We conclude that Seed had inquiry notice of an injury upon receiving the Federal Circuit decision. The Federal Circuit instructed the Patent Board “to enter judgment for Stevens” (and thus against Tamai) on remand. Stevens, 366 F.3d at 1335. At most, the Westerman defendants' advice could have convinced a reasonable party in Seed's position that there existed some chance the injury could be resolved in further appeals. But no reasonable client could conclude that the possibility of redressing an injury in further proceedings means that no injury exists in the first place.
Seed thus had inquiry notice of its claim against the Kratz defendants by May 4, 2004, more than three years before the effective date of their tolling agreement. Consequently, the first and second counts against the Kratz defendants were barred by the statute of limitations.
We finally consider the application of the statute of limitations to the third and fourth counts in the complaint, i.e., the contingent claims concerning the Kratz defendants' advice about the statute of limitations for the claims alleged in the first and second counts. Seed contends that it sought advice in 2005 from James Armstrong, a member of the Kratz firm, about the accrual date for its first two malpractice claims. Armstrong suggested that those claims had ripened on either June 10, 2004 or October 18, 2004, such that they would have been timely when filed. Seed's claims of malpractice based on that advice about the statute of limitations is contingent on its loss of the first two counts on statute of limitations grounds.
The district court did not dismiss the first two counts on statute-of-limitations grounds; it dismissed them on the merits. Because the third and fourth counts were contingent on the dismissal of at least one of the first two counts on statute-of-limitations grounds, the court found that the third and fourth counts were moot. But because we have now concluded that the claims against the Kratz defendants are barred by the statute of limitations, the contingent counts must be adjudicated. We remand for the district court to adjudicate them in the first instance.
Having concluded that the statute of limitations poses no bar to the claims against the Westerman defendants, we turn to considering whether those claims survive summary judgment. We review grants and denials of summary judgment de novo. Fenwick v. Pudimott, 778 F.3d 133, 136 (D.C. Cir. 2015); George v. Leavitt, 407 F.3d 405, 410 (D.C. Cir. 2005).
Seed's claims in this case arise under District of Columbia law. That law requires a plaintiff to establish three elements to state a claim of malpractice: “the applicable standard of care, a breach of that standard, and a causal relationship between the violation and the harm complained of.” Biomet Inc. v. Finnegan Henderson LLP, 967 A.2d 662, 664 (D.C. 2009). The standard of care in a legal malpractice case is the “degree of reasonable care and skill expected of lawyers acting under similar circumstances.” Morrison v. MacNamara, 407 A.2d 555, 561 (D.C. 1979). Specialists must “adhere to a standard of conduct commensurate with” their “special training and experience.” O'Neil v. Bergan, 452 A.2d 337, 341 (D.C. 1982) (quoting Morrison, 407 A.2d at 560).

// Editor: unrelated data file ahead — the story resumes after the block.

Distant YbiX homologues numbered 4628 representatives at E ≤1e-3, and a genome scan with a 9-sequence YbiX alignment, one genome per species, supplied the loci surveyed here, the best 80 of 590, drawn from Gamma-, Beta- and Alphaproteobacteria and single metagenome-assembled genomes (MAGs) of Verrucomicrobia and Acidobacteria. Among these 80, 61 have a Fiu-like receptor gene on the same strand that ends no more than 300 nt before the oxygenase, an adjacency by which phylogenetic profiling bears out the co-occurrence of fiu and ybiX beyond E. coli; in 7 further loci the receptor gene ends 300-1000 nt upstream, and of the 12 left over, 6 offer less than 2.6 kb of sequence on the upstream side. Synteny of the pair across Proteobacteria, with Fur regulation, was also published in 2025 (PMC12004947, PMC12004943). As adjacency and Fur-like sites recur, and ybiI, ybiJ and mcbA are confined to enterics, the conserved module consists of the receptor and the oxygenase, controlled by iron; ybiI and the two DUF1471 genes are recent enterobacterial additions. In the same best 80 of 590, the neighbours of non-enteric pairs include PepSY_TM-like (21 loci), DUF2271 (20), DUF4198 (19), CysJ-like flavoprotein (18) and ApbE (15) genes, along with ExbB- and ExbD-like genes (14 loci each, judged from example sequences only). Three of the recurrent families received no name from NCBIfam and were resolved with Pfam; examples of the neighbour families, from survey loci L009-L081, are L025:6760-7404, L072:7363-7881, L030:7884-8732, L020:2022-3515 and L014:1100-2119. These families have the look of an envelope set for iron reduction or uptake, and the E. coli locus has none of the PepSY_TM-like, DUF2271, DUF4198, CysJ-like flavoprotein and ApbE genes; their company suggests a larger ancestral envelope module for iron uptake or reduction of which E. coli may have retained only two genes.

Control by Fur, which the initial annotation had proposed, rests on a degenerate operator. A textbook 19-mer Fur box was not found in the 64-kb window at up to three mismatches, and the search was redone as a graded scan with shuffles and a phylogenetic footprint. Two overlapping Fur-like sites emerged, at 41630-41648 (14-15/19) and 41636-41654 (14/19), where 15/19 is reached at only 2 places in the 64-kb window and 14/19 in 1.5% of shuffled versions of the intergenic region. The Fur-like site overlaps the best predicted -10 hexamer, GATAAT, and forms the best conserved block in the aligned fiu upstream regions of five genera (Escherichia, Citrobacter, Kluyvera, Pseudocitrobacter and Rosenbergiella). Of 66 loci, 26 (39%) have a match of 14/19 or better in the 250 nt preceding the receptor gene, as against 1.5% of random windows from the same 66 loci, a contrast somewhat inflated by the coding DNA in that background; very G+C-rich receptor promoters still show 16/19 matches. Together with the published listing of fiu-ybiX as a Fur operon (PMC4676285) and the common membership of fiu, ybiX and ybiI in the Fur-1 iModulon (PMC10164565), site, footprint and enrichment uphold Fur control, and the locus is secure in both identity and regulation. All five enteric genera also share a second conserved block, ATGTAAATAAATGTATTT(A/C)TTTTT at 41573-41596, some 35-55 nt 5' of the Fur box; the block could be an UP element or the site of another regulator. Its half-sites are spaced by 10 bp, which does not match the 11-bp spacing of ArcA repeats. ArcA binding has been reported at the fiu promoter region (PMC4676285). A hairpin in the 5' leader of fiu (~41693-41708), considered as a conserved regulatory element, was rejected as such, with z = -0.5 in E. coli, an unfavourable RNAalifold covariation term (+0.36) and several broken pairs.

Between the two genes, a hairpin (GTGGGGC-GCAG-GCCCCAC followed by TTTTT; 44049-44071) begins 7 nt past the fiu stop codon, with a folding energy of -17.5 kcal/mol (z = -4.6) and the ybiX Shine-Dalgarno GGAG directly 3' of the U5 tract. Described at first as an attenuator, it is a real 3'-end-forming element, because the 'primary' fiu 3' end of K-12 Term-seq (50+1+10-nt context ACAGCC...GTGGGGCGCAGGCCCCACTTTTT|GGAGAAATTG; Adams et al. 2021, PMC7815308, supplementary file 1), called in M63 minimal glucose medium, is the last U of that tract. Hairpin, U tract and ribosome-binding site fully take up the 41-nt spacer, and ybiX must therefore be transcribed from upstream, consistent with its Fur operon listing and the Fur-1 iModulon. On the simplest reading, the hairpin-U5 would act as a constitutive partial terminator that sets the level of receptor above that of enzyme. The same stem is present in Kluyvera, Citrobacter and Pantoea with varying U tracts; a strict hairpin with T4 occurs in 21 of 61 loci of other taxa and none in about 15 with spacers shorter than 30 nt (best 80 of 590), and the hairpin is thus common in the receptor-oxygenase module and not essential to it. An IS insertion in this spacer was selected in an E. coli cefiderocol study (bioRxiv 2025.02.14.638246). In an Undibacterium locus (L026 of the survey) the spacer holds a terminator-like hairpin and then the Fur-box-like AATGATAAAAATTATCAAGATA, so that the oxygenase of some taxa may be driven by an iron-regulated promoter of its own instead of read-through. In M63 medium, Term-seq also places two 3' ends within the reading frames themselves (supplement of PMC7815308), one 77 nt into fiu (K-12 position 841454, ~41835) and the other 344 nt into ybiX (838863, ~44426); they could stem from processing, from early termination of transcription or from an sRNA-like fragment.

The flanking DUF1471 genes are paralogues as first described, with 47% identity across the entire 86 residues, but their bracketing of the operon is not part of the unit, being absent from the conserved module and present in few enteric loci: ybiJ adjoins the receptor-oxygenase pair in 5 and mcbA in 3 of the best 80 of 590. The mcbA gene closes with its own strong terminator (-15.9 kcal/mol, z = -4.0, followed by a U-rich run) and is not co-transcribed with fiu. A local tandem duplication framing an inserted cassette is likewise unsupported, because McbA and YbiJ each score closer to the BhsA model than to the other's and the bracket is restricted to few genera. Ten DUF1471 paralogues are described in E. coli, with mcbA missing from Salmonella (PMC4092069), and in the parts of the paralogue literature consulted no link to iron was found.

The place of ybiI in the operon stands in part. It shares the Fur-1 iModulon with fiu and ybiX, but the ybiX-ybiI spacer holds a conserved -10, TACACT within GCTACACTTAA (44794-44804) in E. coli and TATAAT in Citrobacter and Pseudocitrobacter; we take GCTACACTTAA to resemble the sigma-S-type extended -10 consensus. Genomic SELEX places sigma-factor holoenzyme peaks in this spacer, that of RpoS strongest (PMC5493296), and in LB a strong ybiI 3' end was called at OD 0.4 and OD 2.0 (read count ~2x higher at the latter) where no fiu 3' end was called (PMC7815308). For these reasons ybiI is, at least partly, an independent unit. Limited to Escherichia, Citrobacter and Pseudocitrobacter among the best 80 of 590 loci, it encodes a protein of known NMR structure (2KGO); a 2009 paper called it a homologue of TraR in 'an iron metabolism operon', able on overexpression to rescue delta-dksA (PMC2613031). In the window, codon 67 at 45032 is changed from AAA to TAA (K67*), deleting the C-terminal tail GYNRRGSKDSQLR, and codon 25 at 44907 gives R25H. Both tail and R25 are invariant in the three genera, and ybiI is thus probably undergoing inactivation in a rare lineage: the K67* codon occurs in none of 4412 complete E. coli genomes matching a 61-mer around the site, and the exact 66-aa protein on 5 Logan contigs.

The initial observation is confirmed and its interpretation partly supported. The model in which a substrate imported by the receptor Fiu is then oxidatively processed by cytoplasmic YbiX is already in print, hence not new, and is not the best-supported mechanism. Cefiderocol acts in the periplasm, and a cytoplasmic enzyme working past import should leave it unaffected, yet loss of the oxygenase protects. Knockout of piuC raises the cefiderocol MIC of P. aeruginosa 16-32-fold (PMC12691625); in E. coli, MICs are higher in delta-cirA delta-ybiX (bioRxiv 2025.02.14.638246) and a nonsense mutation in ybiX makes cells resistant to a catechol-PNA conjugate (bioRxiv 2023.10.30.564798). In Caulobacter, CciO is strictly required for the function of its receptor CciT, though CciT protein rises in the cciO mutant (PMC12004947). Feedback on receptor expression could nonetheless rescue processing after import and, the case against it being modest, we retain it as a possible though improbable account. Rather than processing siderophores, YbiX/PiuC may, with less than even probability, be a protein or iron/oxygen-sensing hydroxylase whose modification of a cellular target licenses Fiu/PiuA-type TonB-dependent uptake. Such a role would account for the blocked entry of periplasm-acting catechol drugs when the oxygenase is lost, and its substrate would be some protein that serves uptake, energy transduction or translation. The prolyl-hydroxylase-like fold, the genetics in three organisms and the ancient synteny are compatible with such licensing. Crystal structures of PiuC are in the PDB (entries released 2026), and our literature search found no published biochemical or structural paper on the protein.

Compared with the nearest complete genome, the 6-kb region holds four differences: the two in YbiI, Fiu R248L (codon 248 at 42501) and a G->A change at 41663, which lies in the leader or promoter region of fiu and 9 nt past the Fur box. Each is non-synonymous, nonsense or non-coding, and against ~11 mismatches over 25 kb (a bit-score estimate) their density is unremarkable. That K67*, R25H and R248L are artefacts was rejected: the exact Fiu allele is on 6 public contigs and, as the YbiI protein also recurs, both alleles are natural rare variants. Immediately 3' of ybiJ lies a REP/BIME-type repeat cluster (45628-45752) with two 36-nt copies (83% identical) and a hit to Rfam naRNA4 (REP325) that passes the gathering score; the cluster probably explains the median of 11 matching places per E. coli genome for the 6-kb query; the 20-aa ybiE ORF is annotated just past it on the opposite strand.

The District of Columbia applies the judgmental-immunity doctrine, under which “an informed professional judgment made with reasonable care and skill cannot be the basis of a legal malpractice claim.” Biomet, 967 A.2d at 666. The Westerman defendants argue that their decision fell within the protections of the judgmental-immunity doctrine. The district court agreed and granted them summary judgment. To affirm, we would need to find no genuine dispute of material fact about either of the elements of the doctrine: “that (1) the alleged error is one of professional judgment, and (2) the attorney exercised reasonable care in making his or her judgment.” Id.; see Fed. R. Civ. P. 56(a). Because we find a genuine issue as to both, we reverse the grant of summary judgment.
We first examine if there is any genuine issue about whether the Westerman defendants' error in failing to file a translation with the PCT application was one of professional judgment. All parties agree that Tamai needed the benefit of the PCT application's filing date to establish priority over Stevens in the patent interference proceeding. See p. 5, supra. The question thus becomes what the Westerman defendants needed to do to get Tamai the benefit of the PCT application's filing date.
The Patent Office had promulgated two pertinent rules. First, Rule 637 stated that a motion for benefit must serve all opponents with copies of the relevant earlier application, and must, “[i]f the earlier filed application is not in English,” comply with Rule 647. 37 C.F.R. § 1.637(f)(2). Rule 647, in turn, provides that “[w]hen a party relies on a document or is required to produce a document in a language other than English, a translation of the document into English and an affidavit attesting to the accuracy of the translation shall be filed with the document.” Id. § 1.647. When the Westerman defendants filed Tamai's motion for benefit, however, they included neither a translation of the PCT application nor an affidavit attesting to its accuracy. Stevens, 366 F.3d at 1328. As a result, if a reasonable lawyer would have known that getting the benefit of the PCT filing date would require complying with Rules 637 and 647, the Westerman defendants' failure to abide by those rules could not have been an exercise of professional judgment.